1. Use data to draw your conclusions, especially if there is a preponderance of the evidence about what will happen. I am big fan of using data, specifically customer data, to help companies make decisions/conclusions about how to best manage their company. Sure, judgement is important in making important decisions/conclusions, especially in times of uncertainty, but when the data overwhelmingly tell you what is happening, those data trump judgement in their importance to helping you make important decisions about your company.
  2. Use hypothesis testing to make business decisions. Partisan pundits, by definition, will tend to support their side of the argument no matter what the data say. In companies, executives will hold different beliefs about what needs to be done to move the business forward (e.g., where to invest in the company, product development strategies). These beliefs can be tested/supported/disputed using customer feedback data. This process is one of hypothesis testing, using data to rule out alternative explanations for what is occurring in your customer base while supporting other explanations for what is occurring.
  3. Use different sources of data to draw your conclusions. You can be more confident in the result of many studies than any single study alone. Any single poll has a margin of error (sampling error), reflecting the fact that the results are based on a sample of the entire population; that is, the poll might not reflect what is happening in the population. For the presidential election, states, however, have many different polls that study the same outcome. By taking the average of the different polls, you increase your confidence of the prediction/outcome. In the scientific literature, this process is referred to as a meta-analysis (aggregating many different studies of the same topic). A meta-analysis is essentially a study of studies. While there is never 100% certainty about polling data, you can still draw probabilistic conclusions about who will win the electoral vote based on the results of many different samples of likely voters. In business, there are many different sources to tell you the health of the customer relationship, from relationship surveys and transaction-based surveys to social media sites to branded community sites. Looking at different sources of customer feedback will paint a more comprehensive picture of the real health of the customer relationship.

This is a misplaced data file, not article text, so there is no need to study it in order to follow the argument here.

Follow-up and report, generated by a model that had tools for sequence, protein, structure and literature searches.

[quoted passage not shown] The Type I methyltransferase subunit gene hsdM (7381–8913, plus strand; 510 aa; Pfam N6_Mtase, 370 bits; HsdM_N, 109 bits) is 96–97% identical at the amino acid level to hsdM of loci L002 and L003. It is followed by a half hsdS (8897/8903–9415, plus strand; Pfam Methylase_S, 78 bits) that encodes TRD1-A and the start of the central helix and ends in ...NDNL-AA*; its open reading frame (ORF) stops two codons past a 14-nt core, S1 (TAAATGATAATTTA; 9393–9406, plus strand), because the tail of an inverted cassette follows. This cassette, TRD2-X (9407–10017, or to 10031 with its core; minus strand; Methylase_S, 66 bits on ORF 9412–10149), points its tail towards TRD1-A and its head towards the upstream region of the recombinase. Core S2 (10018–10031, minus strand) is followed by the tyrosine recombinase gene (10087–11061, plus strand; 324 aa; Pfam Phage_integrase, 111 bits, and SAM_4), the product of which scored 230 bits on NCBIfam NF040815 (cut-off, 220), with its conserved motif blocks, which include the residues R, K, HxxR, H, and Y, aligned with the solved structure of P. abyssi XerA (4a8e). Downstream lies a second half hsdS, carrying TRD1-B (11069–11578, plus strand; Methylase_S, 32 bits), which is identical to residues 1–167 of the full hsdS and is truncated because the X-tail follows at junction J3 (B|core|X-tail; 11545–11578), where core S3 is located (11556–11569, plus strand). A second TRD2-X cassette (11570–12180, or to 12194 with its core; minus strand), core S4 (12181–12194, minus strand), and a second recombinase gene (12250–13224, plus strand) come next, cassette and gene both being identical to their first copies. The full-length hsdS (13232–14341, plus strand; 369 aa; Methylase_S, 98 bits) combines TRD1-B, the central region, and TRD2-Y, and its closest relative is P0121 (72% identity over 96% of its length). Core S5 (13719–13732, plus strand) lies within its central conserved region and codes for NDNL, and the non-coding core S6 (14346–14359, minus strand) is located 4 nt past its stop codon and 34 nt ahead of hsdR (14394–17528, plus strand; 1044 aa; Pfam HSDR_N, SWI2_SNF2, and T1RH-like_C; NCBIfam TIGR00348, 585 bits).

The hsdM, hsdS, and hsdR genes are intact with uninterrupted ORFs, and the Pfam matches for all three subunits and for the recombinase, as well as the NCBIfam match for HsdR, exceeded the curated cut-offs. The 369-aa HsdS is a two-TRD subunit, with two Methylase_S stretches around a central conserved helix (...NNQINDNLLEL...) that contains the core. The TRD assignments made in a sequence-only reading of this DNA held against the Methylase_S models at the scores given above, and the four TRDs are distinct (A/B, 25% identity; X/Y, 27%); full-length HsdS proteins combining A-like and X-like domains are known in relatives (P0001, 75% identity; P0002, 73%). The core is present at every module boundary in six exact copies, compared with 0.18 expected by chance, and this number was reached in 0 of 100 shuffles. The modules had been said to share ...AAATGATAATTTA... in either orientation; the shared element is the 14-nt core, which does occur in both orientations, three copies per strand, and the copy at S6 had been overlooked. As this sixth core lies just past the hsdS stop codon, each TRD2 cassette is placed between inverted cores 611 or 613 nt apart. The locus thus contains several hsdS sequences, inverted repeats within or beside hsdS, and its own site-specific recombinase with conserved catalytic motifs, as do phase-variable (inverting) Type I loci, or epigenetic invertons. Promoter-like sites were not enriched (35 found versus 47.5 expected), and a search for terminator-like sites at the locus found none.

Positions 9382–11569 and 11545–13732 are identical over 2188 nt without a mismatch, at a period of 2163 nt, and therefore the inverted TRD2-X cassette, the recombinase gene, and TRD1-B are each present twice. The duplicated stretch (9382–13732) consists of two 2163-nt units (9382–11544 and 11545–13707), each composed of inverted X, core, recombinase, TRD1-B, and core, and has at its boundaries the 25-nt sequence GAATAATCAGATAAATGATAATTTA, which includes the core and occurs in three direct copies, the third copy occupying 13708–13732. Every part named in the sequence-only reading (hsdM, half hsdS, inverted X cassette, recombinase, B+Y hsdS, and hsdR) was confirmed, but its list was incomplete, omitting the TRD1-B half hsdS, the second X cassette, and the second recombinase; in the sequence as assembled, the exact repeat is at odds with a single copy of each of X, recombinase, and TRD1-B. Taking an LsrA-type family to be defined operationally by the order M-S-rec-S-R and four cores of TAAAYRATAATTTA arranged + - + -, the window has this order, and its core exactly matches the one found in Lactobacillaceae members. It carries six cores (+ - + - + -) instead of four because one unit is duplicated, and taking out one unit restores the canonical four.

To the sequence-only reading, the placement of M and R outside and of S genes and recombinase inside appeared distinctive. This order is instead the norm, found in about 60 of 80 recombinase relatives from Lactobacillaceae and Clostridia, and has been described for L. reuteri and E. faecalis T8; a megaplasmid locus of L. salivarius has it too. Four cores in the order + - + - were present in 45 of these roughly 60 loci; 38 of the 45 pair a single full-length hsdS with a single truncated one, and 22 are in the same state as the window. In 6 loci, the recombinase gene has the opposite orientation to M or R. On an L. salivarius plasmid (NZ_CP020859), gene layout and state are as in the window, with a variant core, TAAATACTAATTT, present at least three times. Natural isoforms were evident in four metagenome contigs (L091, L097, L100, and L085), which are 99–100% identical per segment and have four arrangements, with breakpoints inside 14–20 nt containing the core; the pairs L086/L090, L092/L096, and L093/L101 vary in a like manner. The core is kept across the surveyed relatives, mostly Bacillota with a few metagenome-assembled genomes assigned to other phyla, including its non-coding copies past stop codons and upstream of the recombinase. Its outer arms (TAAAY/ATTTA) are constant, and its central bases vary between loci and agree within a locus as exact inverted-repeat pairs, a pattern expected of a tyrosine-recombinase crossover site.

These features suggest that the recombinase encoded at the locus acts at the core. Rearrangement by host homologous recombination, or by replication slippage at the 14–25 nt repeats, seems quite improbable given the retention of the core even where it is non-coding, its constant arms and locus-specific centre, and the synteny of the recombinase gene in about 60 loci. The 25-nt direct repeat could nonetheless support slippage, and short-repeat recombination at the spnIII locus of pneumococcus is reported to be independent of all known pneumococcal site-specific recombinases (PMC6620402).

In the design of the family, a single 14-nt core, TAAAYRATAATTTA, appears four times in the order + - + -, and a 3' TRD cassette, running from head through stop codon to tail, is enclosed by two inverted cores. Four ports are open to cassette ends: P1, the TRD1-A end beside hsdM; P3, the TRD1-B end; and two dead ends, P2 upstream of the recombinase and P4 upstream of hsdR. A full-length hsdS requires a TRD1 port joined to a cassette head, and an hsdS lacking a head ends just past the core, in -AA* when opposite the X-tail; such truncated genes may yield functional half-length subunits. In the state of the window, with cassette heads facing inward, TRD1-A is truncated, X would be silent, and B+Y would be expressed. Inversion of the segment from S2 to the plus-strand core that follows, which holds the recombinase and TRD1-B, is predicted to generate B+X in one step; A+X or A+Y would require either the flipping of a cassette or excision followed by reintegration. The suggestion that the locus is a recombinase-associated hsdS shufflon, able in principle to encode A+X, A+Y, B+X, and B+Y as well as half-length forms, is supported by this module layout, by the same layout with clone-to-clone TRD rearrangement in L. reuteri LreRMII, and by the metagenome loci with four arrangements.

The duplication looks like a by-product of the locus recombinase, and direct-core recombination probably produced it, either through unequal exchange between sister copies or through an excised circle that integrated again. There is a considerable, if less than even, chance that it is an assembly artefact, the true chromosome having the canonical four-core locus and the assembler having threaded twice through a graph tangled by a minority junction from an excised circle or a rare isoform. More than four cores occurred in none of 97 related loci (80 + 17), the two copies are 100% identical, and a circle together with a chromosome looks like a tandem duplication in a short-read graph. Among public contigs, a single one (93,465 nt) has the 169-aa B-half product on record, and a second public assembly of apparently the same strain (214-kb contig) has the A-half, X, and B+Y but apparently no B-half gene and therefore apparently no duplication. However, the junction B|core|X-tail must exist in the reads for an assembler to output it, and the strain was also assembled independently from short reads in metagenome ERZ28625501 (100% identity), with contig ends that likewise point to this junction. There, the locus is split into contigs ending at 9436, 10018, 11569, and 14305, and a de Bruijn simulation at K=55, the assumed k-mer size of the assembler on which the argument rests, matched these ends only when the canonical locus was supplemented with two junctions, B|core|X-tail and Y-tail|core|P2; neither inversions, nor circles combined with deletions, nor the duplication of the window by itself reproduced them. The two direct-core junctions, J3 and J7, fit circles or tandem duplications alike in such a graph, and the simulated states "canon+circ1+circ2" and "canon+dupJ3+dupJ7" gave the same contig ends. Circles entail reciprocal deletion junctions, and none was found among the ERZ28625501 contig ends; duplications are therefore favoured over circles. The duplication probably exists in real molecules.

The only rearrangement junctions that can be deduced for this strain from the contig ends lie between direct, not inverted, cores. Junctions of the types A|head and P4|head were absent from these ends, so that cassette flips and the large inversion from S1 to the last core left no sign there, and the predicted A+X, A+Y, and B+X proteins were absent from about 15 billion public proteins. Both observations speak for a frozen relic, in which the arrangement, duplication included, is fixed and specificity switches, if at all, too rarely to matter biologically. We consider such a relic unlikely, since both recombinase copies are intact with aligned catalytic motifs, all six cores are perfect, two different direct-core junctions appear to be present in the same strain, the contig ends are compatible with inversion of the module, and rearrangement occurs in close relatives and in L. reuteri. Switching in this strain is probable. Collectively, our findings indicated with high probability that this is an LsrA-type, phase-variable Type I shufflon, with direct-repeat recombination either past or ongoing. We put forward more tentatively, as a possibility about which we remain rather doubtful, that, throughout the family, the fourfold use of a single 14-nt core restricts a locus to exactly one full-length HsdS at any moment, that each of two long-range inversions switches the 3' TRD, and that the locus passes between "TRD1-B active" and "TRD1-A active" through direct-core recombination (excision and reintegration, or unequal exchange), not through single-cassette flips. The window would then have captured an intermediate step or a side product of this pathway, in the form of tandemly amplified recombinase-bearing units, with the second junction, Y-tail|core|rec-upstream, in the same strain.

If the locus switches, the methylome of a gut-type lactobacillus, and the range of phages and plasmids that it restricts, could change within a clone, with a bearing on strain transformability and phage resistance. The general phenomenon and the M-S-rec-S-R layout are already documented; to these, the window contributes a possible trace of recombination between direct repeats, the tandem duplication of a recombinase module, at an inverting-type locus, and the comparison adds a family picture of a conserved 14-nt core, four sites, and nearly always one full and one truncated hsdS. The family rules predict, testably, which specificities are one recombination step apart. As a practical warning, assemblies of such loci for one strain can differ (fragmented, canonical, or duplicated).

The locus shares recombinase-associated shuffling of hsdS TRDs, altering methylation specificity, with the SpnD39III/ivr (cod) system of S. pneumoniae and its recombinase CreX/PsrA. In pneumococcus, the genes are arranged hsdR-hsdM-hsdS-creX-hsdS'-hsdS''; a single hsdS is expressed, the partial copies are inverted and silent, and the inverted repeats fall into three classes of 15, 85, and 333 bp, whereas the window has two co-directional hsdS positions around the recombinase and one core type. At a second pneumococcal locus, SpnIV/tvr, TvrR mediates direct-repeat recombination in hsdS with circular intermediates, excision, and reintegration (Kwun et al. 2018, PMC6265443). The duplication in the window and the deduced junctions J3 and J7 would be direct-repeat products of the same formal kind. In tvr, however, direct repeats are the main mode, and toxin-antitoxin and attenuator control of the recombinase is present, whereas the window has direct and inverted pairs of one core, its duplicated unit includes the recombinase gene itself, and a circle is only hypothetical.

4. Segment your customers. While the national polling results show a close race, the winner of the popular (national) vote does not determine the winner. The winner of the election is based on the number of Electoral College votes, which are determined state by state. Examining the differences across different customer segments helps you tailor your marketing, sales and service approaches to target specific customer groups’ needs. This practice managing customer segments differently maximizes the return on investment of your business’ resources which helps the overall performance of the company.


Customer experience management (CEM) programs collect a lot customer data to help the business leaders guide their business decisions. Sometimes, opinion and data collide. Some people primarily rely on their personal opinions as a guide to their understanding of the world. Others primarily rely on the use of data as their guide. The prediction of the outcome of the US presidential election pits these two views against each other. Based on my examination of this political battle, I offer some ways senior executives can use customer feedback data to help them make decisions about their company.

I guess we will know Tuesday night (Wednesday morning) whether data beats opinion. I’m betting on data.

Here is an excellent interview of Nate Silver on Charlie Rose (his interview starts half way through the show) where he explains the value of using data to make predictions.

Republished with author's permission from original post.